Sunday, December 27, 2009

A New Era of Cooperation?

The thing to do is to make it easy for people to contribute what they have to contribute. This is probably more important than providing an incentive because people have their own reasons for wanting to contribute.

DARPA's red balloon challenge was a study in how to recruit people. Not how to recruit them to your cause (anyone could have found the balloons, including people who hate MIT or any of the other organizations who competed in the challenge), but simply how to get them to contribute, by any means necessary. And how to out compete other groups who are trying to recruit these same people.

There is a tremendous amount of untapped human capital in the world. Some churches and charitable organizations thrive on directing this unused potential into good works and into spreading their message. Wikipedia, the open software movement, YouTube, and other examples illustrate that there is so much available human capital that it is literally being given away to groups that make it easy for people to contribute. In some cases the groups have incentivized contribution, but often the reasons for participation are private, known only to the contributor.

There are far too many people who have knowledge and ability that their current employers don't know how to put to use. Society would be greatly enriched if this potential could be made productive, but historically the costs of tapping it have been high. Today, technology compresses the globe into a single point where we all touch, and the costs are greatly reduced. But we lack the knowledge and institutions that could enable us to coordinate our efforts at low cost. The corporate bureaucratic model is a highly successful model for coordinating efforts in a world where the costs of coordination are necessarily high, but it took centuries to develop that model to its current incarnation, and it will take time and experimentation to learn how to most effectively leverage the internet.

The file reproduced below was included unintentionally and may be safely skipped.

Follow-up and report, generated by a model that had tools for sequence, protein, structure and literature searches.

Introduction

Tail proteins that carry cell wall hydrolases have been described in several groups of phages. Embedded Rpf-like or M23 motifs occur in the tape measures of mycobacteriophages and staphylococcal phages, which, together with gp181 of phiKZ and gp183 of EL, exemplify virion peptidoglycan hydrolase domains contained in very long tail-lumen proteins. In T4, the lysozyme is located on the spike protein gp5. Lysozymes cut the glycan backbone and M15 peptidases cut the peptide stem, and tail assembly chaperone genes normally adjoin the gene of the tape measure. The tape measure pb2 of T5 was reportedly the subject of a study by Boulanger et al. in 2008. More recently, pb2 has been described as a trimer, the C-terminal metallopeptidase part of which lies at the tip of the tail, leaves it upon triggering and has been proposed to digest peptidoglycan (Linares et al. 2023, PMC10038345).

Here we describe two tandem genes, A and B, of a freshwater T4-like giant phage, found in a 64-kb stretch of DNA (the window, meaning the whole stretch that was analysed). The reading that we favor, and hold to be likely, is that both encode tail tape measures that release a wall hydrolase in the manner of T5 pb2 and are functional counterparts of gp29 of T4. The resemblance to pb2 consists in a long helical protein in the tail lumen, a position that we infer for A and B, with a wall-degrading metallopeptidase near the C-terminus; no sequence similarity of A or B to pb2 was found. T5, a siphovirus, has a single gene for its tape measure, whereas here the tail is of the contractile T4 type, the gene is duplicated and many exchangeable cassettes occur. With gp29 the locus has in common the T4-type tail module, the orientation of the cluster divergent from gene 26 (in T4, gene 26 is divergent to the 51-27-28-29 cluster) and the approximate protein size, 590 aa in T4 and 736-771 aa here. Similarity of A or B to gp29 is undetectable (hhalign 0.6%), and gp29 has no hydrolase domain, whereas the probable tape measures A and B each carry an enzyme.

A Market of Ideas
Is it possible that with the right model many more of us could be freelance engineers, researchers, programmers, editors, designers, advisers, writers...any profession that uses information as its coin? Shouldn't it be possible to build a sort of reverse eBay for projects, where money is auctioned off and the best contributor wins the auction? Maybe contributors don't submit completed work but instead provide a gist of what they can do, I don't know. There are difficulties to such a model, but mostly those difficulties are simply that we don't yet know what actually works. It's time to start figuring that out.

Thursday, December 24, 2009

The Future of Labor

In 1850 about 50% of Americans made their living as farmers or farm laborers. In 2000 it was about 1%. Increases in productivity can dramatically decrease the demand for labor in a particular part of the economy. This is all for the best, but it is difficult for the displaced laborers.

I haven't seen data to support it, but the conventional wisdom is that demand for unskilled labor is in steady decline. One story to illustrate this idea is that increased automation in factories eliminates unskilled positions, but may increase the number of skilled positions in the form of an expanded technical staff who develops and maintains the automation equipment. I think that story is at best an oversimplification of reality (e.g. increasing automation may mean that a factory doesn't eliminate jobs but trades skilled labor, like machinists, for unskilled labor in the form of machine operators who only need to push some buttons and measure parts), but even if it's accurate it doesn't tell us what's happening to the number of unskilled labor positions in the overall economy.

Productivity increases in an industry lower the cost of production for that industry, meaning that society can spend less on that industry's products. That's why I spend a smaller percentage of my income on food than did my grandfather, and why fewer people are working on farms today than were in 1850. As we've gotten to be better at producing food we have saturated demand. The US produces more food than it knows how to consume. You can just as easily blame farm worker displacement on the 'low' demand for food as on high farm worker productivity.